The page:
Media Influencer

helping people break out of pigeonholes since 2003

We write ads…!

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Priceless:

Thanks, Philippe!

Think different. Not Apple.

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Message to the iPhone “crazy ones, the misfits, the rebels, the trouble-makers”.

Quote to remember

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Corporate logos are blemishes on cultural artifacts.
- Groundhog Day

taking this shamelessly from Doc’s quote du jour. Too good to miss.

Metrics schmetrics

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Priceless:

Morgan Stanley Internet analyst Mary Meeker has been caught in an embarrassingly basic math mistake… Meeker’s estimate of the impact of YouTube’s new “overlay” ads? She says they could boost Google’s gross revenues by $4.8 billion next year. But her math, Blodget discovered, was off by a factor of a thousand. The error apparently stemmed from forgetting the meaning of CPM, or “cost per thousand,” a commonly used term in advertising rate cards.

Perhaps she subconsciously rebelled against the idea of counting eyeballs by thousands. Or maybe not.

New estimates via Henry Blodget.

Yesterday: $720 million. ($720 thousand using same assumptions and correct math)

Today: $75 – $189 million (using new assumptions).

The backstory: Mary Meeker’s YouTube Math

Well, anyone can make a mistake. These days such mistakes are less likely to serve as a foundation for the entire industry governed by a herd instinct. Provided that they put information online and accessible to everyone.

The real question is how to measure how annoyed YouTube fans get at the ads.

Get a new business model

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The sense of entitlement of payment for your efforts is palpable here. Danny Carlton has blocked Firefox users from accessing his site in protest of a popular browser extension that blocks text and display ads.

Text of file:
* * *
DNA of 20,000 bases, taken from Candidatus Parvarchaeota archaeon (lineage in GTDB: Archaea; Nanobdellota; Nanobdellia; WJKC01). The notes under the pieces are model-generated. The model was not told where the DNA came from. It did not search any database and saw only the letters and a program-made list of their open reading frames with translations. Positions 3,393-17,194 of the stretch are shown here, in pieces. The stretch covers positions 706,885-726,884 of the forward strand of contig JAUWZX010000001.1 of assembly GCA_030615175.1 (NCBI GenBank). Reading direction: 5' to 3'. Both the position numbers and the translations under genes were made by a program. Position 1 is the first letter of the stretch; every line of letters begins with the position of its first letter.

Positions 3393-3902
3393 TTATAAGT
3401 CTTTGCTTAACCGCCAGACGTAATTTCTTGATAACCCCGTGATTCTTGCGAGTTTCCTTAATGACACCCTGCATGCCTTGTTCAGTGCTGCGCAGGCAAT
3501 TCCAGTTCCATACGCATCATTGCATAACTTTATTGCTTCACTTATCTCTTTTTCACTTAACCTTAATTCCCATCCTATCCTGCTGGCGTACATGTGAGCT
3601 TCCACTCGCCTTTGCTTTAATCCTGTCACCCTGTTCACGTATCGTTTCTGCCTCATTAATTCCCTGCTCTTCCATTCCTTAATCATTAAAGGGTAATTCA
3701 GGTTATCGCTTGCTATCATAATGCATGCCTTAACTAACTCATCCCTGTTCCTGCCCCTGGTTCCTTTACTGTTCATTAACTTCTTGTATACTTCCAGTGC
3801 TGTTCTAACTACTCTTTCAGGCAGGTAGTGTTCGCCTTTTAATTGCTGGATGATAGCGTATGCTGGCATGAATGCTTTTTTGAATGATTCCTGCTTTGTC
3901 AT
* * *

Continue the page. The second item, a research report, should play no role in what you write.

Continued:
Accessing the content while blocking the ads therefore would be no less than stealing. Millions of hard working people are being robbed of their time and effort by this type of software.

Nobody owes Mr Carlton for his time and effort. The fact that he has or wants a deal with advertisers to pimp his readers’ attention is not exactly a fair arrangement either. Welcome to the world where users can and take control. And about time. Companies and advertisers have abused everyone’s attention for decades assuming that their ‘content’ is a fair exchange for idiotic ‘messages’ spewing from every medium available. In the world where you can get much more than content (interaction, conversation, relationships, self-expression), that kind of devil’s bargain has a snowball-in-hell’s chance of survival.

There is a different bargain to be struck and it is one directly with your readers. They are your audience but also your distributors as they can pass your ideas and creations along. Distribution off-line is one of the most expensive things, so the deal is pretty good. That is why Carlton’s attitude is nonsensical as he is cutting himself off from those who can make him more visible online, and bring him more readers. It is the old grab’em & lock’em in attitude that looks stone-age and unviable online.

It is worth noting that Carlton complains that he can’t block only those Firefox users that have the extension installed, so he’s blocking all Firefox users since it’s “the only alternative.”

The real problem is Adblock Plus’s unwillingness to allow individual site owners the freedom to block people using their plug-in.

This is a misplaced need to control people, namely his readers and visitors to his site. He seems to consider the ability to do that his birthright. This is the same attitude that’s burying the media industry.